Most of these private flights are to nearby destinations such as Amman and Larnaca, from where passengers can board commercial flights to wherever they need to be. Peretz says, "A flight to Amman takes about 20 minutes and can cost $600 per passenger. It's more than a commercial flight but it's an amount that most people can manage, in order to get out of Israel. What also impacts the price is the cost of ground services at the airport (towing, maintenance and parking and the like), which have almost tripled. Before Covid-19 we paid $800 at Amman airport for maintenance and today that has climbed to $3,000. I don't blame them. If maintenance was once provided for 10 flights, today they operate an entire system for one flight."

Peretz estimates that pricing for one hour of flying is about $3,000 not including fees. He describes the flight experience for the passenger as, "Like a regular flight. You go through passport control, board the plane, which at most has eight passengers. Cabin crew is present throughout the flight and according to the type of aircraft."

Aya Airlines operates 3-4 flights per day, taking off from Ben Gurion airport and Haifa.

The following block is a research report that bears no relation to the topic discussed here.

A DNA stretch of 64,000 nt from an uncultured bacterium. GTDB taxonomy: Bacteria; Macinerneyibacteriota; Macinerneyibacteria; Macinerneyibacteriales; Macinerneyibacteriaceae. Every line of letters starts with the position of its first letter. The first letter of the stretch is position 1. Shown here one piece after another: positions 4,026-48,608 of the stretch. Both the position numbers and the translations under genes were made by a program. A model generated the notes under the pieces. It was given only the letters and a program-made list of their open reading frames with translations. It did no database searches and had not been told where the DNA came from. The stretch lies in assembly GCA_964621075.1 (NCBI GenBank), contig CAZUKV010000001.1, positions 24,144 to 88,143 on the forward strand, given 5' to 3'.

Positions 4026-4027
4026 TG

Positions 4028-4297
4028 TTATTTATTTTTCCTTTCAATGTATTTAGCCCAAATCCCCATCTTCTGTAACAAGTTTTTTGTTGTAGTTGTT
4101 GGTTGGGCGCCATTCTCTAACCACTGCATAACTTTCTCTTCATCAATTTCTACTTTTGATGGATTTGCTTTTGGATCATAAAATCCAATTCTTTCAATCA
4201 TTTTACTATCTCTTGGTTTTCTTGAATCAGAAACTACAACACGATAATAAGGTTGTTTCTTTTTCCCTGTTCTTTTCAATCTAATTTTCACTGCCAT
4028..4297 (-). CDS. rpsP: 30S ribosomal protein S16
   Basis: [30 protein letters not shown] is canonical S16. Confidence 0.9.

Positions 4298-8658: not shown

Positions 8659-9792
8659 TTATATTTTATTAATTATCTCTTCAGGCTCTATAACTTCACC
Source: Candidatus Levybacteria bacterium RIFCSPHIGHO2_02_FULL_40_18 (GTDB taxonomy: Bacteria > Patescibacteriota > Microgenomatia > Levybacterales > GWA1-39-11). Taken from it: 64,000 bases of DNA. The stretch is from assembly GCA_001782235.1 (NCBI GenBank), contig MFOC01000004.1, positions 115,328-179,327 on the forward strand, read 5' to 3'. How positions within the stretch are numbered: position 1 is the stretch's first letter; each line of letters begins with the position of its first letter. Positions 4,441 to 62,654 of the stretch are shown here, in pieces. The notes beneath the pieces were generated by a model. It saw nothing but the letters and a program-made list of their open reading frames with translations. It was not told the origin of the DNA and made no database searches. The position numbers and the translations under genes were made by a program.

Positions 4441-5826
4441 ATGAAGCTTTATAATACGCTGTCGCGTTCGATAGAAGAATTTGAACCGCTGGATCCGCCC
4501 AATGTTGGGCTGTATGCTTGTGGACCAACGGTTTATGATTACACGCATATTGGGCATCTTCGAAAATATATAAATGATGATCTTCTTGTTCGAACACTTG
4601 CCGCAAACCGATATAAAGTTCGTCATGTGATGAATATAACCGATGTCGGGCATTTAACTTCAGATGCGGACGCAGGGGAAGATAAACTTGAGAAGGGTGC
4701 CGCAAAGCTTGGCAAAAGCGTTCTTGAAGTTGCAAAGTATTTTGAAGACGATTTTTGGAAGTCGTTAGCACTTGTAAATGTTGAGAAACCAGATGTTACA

Cava Group founder and CEO Sharon Cohen says, "This has been one of the best years for private flights. For many people they have no choice. People receive a permit from the exemptions committee to fly and it's a matter of flying on a private plane or not flying at all because commercial routes to many destinations have been cancelled. We have found ourselves connecting up people needing to reach the same destination and in extreme situations the passengers were wealthy people who previously would have flown in business or first class but have been 'forced' to fly to meetings or on vacation on a private plane. These are customers who will remain with us."

As the skies reopen, can we assume that demand for private flights will fall?

Peretz: "If the commercial airlines can meet demand that will bring down the number of private flights. We know how to work when there isn't Covid. We estimate that there will still be demand for businesspeople wishing to fly to meetings, families that want to go on vacation as a 'capsule' (insulated from the large number of passengers on a regular flight). The aviation and tourism industry has undergone a big rupture and we see that there is large demand for private flights worldwide, which are currently fetching double the fares on their price list. People don't want to fly with people who they don't know. In Israel, we do not see a rise in demand to buy private jets but we do see a rise in demand for people learning to fly."